Petrobras, Bond-Market Pariah, Suddenly Captivates Deutsche Bank

  • Some shorter-dated notes yield more than longer-term bonds
  • World's largest junk issuer has most of its debt due by 2021

For much of the past year, Petroleo Brasileiro SA’s unrelenting rout has pushed down bond prices to new lows day after day.

Now, Deutsche Bank AG is finally starting to see value in the state-controlled oil producer’s debt.

The strategy is simple: buy its $3.35 billion of notes due in 2017 -- whose yields have more than tripled to about 8.7 percent -- because Petrobras will have no problem paying its obligations over the next few years without government support.

But beyond that, yields still aren’t high enough to compensate for the risks tied to refinancing, the slump in oil and a weaker Brazilian currency, Deutsche Bank’s Eduardo Vieira wrote in a report dated Oct. 7. It’s the first time Vieira has recommended buying bonds issued by Petrobras since a bribery investigation involving company executives began in November 2014.

“The company has a lot of debt due in the short term, but they have several ways of refinancing themselves,” said Carlos Gribel, the Miami-based head of fixed income at Andbanc Brokerage. “The chance of default is very low.”

It’s a bold call by Deutsche Bank. Rocked by the ever-widening graft probe, Petrobras has seen borrowing costs on its debt soar as bond traders questioned its creditworthiness. The situation has deteriorated so fast in the past year that some of its shorter-term debt actually yield more than its longer-term obligations, a phenomenon known as an “inverted yield curve,” which highlights the heightened risk of default.

Those risks were on display this week, when the company, which has more junk-rated debt than any other company in the world, canceled a 3 billion-real ($790 million) local bond sale because of lackluster demand. On average, Petrobras’s overseas bonds have lost 15 percent since the bribery allegations first surfaced. Brazil’s currency has fallen 31 percent this year as of 2:11 p.m. in New York on Friday.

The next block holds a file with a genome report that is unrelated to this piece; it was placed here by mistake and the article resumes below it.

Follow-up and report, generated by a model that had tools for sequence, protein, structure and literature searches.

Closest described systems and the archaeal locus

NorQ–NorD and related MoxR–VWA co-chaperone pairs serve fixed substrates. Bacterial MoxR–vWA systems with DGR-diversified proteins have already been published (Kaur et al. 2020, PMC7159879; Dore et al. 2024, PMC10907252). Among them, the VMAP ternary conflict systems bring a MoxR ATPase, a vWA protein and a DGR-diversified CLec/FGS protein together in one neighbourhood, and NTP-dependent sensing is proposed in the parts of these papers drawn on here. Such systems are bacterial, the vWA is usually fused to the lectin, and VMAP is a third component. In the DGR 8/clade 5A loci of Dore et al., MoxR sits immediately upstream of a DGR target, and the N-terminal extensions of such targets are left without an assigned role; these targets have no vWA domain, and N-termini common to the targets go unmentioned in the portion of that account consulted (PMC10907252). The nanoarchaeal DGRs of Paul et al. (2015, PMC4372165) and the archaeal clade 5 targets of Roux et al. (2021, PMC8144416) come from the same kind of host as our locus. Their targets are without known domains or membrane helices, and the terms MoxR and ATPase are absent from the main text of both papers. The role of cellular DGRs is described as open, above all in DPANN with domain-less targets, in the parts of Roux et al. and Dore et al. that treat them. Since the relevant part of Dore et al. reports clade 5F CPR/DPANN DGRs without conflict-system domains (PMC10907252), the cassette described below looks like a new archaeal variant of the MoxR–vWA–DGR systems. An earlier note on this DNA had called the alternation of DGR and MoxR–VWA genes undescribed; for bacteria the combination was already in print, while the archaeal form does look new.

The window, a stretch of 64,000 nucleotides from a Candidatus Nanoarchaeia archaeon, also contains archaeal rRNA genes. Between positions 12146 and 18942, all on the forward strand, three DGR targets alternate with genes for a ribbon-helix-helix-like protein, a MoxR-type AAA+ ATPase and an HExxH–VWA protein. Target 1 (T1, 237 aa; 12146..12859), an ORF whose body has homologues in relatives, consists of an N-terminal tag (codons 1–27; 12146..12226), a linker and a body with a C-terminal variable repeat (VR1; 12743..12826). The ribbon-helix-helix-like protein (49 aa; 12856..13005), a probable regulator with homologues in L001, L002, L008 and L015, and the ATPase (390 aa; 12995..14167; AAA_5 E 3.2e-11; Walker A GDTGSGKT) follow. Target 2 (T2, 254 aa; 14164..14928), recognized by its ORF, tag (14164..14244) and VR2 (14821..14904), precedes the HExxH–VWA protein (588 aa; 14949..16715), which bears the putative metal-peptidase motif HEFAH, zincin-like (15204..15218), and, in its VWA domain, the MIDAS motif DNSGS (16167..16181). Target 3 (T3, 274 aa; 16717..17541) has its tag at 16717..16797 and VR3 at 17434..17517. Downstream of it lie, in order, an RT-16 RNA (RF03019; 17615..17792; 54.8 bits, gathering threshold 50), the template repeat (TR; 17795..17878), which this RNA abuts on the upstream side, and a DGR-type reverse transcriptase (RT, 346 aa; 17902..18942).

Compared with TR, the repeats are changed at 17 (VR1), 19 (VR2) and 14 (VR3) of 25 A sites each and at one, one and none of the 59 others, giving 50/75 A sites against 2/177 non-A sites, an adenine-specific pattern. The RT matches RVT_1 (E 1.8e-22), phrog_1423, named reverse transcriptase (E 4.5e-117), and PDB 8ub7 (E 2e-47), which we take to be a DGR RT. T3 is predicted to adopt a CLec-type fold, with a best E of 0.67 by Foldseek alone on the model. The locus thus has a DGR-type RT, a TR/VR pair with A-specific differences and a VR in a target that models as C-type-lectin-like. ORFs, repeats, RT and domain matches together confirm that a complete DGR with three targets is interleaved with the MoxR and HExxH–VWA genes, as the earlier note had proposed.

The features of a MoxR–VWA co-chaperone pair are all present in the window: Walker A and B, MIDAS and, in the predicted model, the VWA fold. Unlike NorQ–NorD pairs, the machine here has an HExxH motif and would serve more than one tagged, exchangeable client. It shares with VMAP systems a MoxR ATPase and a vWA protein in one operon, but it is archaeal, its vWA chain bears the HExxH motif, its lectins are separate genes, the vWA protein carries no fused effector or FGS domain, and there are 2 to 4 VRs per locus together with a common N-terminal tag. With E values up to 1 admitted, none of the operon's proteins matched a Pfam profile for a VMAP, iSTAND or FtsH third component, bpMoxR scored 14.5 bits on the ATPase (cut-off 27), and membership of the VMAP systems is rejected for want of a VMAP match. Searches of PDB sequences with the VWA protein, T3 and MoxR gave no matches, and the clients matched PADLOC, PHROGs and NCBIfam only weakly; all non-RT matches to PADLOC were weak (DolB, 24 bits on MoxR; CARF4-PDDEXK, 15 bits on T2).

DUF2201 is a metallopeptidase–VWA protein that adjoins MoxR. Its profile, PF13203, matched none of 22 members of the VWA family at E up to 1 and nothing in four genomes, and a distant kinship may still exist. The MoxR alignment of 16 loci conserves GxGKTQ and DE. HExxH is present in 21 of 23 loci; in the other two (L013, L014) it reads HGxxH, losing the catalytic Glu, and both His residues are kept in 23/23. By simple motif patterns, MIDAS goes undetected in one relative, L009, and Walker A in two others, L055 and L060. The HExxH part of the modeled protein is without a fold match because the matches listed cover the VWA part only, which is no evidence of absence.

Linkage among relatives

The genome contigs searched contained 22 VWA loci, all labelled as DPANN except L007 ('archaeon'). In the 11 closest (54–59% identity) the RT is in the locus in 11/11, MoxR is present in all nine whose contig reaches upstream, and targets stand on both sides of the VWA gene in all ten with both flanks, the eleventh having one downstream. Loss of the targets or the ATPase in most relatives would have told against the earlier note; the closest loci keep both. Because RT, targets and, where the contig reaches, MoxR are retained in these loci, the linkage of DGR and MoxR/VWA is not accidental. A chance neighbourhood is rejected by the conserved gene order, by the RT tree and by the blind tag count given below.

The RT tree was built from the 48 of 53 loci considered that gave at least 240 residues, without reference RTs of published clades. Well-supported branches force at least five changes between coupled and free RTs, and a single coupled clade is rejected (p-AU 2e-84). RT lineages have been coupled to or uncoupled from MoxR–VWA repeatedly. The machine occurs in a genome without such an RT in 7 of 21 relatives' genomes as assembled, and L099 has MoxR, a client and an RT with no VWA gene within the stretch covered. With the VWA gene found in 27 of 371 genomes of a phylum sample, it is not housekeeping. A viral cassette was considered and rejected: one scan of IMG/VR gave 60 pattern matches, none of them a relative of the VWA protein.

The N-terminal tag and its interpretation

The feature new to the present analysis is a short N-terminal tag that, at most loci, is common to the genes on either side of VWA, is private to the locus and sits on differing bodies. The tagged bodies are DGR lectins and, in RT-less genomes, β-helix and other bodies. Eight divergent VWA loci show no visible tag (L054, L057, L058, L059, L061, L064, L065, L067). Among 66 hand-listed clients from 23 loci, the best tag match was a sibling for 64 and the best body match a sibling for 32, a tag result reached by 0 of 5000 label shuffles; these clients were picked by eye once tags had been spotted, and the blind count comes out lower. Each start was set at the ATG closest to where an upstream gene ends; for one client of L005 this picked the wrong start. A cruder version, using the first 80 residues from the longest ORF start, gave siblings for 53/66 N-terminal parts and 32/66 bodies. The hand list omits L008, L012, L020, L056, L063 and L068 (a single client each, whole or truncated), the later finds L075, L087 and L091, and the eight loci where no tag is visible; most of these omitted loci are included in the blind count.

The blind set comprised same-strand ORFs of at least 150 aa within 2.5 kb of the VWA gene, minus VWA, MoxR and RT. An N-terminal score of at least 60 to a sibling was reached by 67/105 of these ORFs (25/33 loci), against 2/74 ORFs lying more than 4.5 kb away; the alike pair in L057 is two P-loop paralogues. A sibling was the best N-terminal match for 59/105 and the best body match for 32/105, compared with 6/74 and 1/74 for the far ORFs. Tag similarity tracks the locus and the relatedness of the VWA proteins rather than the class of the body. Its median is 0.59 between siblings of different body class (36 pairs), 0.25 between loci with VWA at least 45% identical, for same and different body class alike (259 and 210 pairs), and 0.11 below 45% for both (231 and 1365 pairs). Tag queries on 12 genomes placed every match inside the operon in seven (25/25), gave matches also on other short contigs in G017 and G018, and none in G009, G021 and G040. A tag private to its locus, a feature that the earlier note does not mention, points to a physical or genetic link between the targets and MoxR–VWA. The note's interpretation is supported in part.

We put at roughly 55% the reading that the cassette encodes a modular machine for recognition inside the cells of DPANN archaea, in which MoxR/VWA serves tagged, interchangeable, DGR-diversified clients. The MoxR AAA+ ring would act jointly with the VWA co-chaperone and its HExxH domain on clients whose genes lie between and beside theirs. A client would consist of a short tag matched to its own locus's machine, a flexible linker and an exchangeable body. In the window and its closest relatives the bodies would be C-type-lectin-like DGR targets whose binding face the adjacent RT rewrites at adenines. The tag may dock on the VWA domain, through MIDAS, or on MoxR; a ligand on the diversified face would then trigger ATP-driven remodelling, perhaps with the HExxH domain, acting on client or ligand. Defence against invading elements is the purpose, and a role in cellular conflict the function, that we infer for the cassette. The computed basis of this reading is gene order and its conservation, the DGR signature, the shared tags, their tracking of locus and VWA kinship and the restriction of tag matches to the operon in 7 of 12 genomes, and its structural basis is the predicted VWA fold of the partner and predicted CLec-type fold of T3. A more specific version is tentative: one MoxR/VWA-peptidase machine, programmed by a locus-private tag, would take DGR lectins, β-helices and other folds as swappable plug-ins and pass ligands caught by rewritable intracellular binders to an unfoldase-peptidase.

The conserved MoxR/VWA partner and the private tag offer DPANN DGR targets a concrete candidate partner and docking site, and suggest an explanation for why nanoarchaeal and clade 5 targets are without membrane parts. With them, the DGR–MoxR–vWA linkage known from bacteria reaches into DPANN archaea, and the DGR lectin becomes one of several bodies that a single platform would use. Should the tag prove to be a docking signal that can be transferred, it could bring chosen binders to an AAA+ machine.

Still, some are starting to come around to the idea the dangers may be overblown. The extra yield that investors demand to own Petrobras’s notes due in four years, instead of its six-year debt, has decreased by 1.7 percentage point this month.

There are investors who “seem to be seeing an opportunity in short-maturity bonds from Petrobras,” said Patricia Moraes, the head of corporate and investment banking at JPMorgan Chase & Co.’s Brazil unit. “That’s because there is a perception that the company will fulfill its commitment in the short term.”

Before the corruption scandal erupted about last year, the company’s longer-dated notes yielded as much as 0.84 percentage point more than the 2019 bonds, which is more typical when investors are confident in a company’s ability to repay.

“The default risk is concentrated on the shorter term," said Ian McCall, a money manager at Geneva-based Quesnell Capital, who holds Petrobras’s bonds. But “when a company faces problems like Petrobras is facing, opportunistic investors want to buy the lower cash price bonds.”

Because the bonds are so-called quasi-sovereigns -- corporate bonds that have implicit government backing -- they’re seen as less risky than those from companies without state sponsorship. Traders see only a 2.08 percent chance the company will default within the next year, according to data compiled by Bloomberg, down from a record 2.83 percent on Sept. 29.

This month, Petrobras bonds have rallied as the company unexpectedly announced it was raising prices for the fuel it sells in Brazil, the first increase in almost a year. The oil producer also said it was cutting investments. The moves, while positive for the company, aren’t enough to erase concerns about its debt payments after the next four to nine years, according to Deutsche’s Vieira.

Moody’s Investors Service said on Oct. 8 that Petrobras’s debt profile will remain “under stress” next year, as the company needs to cut expenses, sell assets, sell more debt or raise gasoline prices again to preserve liquidity. Further fuel-price increases at the government-controlled company may not be forthcoming as inflation nears 10 percent, more than twice the level targeted by policy makers, the ratings company said.

“I’d stick to the short-term notes, enjoying the higher yield,” Andbanc’s Gribel said. “They’re undervalued.”

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